The cryptographic protocols now being considered were part of the digital-passport standard already, as an optional feature that each country could choose to adopt or not. The U.S. had previously chosen not to adopt it, but is now thinking about reversing that decision. It’s good to see the government taking the passport privacy issue seriously.

Recommended Reading

Following the lead of other bloggers, I’ll be writing occasionally to recommend books or articles that I found interesting. Today, I’m recommending two books that could hardly be more different in topic and tone.

The 9/11 Commission Report

This book was a real surprise. I started reading from a sense of obligation, but I was quickly hooked. It isn’t light reading, and parts are simply horrifying; but it explains the events of 9/11, their causes, and the aftermath with admirable depth and clarity. Most surprising of all is the quality of the writing, which rivals the best journalism or historical writing. The tick-tock in Chapter 1 is riveting and will surely be the definitive account of what happened that day.

The Commission had broad access to documents and people, a sizeable staff, and bipartisan national support, all of which allowed them to see clearly the history of the 9/11 plot, the U.S. government’s efforts to deal with al Qaida over the years, and the response to the attacks. Much of this is eye-opening. The sheer chaos and lack of information flow that confronted first responders is sobering. We also see the national security community’s wavering focus on the al Qaida threat and the gathering of significant intelligence about it, coupled with a cultural inability to strike boldly against it before 9/11.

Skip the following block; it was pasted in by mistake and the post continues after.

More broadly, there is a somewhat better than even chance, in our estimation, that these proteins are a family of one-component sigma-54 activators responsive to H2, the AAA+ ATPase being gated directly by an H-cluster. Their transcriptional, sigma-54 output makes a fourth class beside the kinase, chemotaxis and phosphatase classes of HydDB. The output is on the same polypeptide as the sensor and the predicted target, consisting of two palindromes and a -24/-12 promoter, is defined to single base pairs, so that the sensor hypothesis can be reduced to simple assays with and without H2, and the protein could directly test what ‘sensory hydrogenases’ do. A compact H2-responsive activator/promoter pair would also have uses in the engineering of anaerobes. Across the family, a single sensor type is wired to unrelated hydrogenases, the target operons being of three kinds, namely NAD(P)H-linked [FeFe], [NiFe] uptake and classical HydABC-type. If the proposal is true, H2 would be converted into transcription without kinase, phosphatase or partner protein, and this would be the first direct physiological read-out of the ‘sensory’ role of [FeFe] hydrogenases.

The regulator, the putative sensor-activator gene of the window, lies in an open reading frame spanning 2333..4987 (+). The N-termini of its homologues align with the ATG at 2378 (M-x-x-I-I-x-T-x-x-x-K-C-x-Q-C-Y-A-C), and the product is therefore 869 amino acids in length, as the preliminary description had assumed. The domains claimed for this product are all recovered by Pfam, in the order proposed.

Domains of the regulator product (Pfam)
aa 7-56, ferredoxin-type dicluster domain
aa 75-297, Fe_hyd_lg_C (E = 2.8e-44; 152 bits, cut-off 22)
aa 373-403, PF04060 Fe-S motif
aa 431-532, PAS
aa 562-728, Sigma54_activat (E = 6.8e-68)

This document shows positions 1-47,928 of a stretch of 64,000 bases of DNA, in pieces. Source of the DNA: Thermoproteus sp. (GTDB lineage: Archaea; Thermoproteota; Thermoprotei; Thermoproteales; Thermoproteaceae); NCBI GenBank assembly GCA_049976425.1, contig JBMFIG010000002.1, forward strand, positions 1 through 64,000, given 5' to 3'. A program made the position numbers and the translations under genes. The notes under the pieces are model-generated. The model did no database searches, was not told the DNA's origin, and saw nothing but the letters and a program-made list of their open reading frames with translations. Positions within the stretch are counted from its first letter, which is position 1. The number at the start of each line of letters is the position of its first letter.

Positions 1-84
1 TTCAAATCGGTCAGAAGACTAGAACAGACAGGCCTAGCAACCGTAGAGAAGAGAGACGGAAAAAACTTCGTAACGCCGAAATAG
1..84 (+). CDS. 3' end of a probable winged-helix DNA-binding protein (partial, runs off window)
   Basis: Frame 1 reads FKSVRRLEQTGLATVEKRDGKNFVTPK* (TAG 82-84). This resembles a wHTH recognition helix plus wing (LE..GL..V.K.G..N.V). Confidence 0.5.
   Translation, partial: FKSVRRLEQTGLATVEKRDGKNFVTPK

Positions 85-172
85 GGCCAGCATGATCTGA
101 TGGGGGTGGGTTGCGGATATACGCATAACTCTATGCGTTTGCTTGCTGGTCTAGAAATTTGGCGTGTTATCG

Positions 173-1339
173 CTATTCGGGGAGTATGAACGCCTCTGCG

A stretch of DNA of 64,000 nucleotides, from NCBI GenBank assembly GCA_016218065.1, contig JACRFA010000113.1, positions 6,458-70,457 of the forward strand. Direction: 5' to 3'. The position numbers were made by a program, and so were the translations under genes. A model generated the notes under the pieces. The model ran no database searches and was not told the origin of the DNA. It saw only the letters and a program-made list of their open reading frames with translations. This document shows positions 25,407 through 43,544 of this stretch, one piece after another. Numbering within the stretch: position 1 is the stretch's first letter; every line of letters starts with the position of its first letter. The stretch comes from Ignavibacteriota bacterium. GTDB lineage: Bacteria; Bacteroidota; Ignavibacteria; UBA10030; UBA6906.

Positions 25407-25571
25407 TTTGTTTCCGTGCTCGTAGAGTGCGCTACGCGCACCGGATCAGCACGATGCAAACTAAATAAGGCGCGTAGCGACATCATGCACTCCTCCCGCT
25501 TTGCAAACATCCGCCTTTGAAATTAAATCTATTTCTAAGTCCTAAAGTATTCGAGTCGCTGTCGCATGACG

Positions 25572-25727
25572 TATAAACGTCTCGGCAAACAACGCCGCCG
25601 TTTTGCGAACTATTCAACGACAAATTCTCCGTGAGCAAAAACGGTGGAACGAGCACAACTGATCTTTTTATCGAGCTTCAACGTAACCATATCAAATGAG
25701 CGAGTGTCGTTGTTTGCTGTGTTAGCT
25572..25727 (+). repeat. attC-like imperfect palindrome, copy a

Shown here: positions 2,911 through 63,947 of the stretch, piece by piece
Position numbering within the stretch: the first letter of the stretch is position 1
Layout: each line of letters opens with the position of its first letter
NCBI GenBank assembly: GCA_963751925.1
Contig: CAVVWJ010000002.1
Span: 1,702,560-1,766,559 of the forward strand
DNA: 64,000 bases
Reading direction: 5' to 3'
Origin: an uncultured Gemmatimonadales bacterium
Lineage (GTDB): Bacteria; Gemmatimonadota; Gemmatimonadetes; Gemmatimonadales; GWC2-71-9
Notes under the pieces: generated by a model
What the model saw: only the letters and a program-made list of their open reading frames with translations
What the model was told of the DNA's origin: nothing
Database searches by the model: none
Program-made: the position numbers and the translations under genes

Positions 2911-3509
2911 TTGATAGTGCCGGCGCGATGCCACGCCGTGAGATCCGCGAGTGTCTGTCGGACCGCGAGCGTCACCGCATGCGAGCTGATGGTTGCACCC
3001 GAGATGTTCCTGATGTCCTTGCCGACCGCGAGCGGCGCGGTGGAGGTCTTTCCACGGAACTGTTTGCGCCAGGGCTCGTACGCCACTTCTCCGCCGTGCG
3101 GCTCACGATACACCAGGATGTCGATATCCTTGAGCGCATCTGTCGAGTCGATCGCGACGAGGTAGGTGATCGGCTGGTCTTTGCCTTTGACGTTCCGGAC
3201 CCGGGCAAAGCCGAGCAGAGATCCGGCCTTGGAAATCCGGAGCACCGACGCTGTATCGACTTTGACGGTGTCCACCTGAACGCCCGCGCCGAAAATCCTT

Overall, the report was much better than I expected – much better, really, than a government commission report has any right to be.

Rammer Jammer Yellow Hammer: A Journey into the Heart of Fan Mania, by Warren St. John

Bummed out by the 9/11 report? This book is the antidote. It’s a group portrait of the most rabid University of Alabama football fans, written by a New York journalist who grew up in Alabama and knows firsthand the lure of Bama football. It’s a nicely polished little book packed with laugh-out-loud moments.

A typical vignette introduces a couple who skipped their own daughter’s wedding to go to a Bama football game. (The game got over in time for them to attend the reception.) They seem like fairly normal people, and when asked to explain why they did this thing, they’re at a loss. The author reports asking many Alabamans what they thought of the couple’s story. Three-quarters shook their heads and wondered why in the world loving parents could skip their daughter’s wedding. The other quarter shook their heads and wondered why in the world a loving daughter would schedule her wedding on the day of the Tennessee game.

The beauty of the book is that the author doesn’t caricature the fans. He tells their stories sympathetically, and one comes to see their obsession as not so different from the obsessions or hobbies that many of us have. Indeed, the author himself is gently pulled into their community, buying himself an RV and driving it to the games just like the most devoted fans. He weaves together the stories of the fans, his own story of being drawn into their world, and references to academic studies of fans and their behavior, into a revealing and very entertaining mix. I’m a big fan of this book.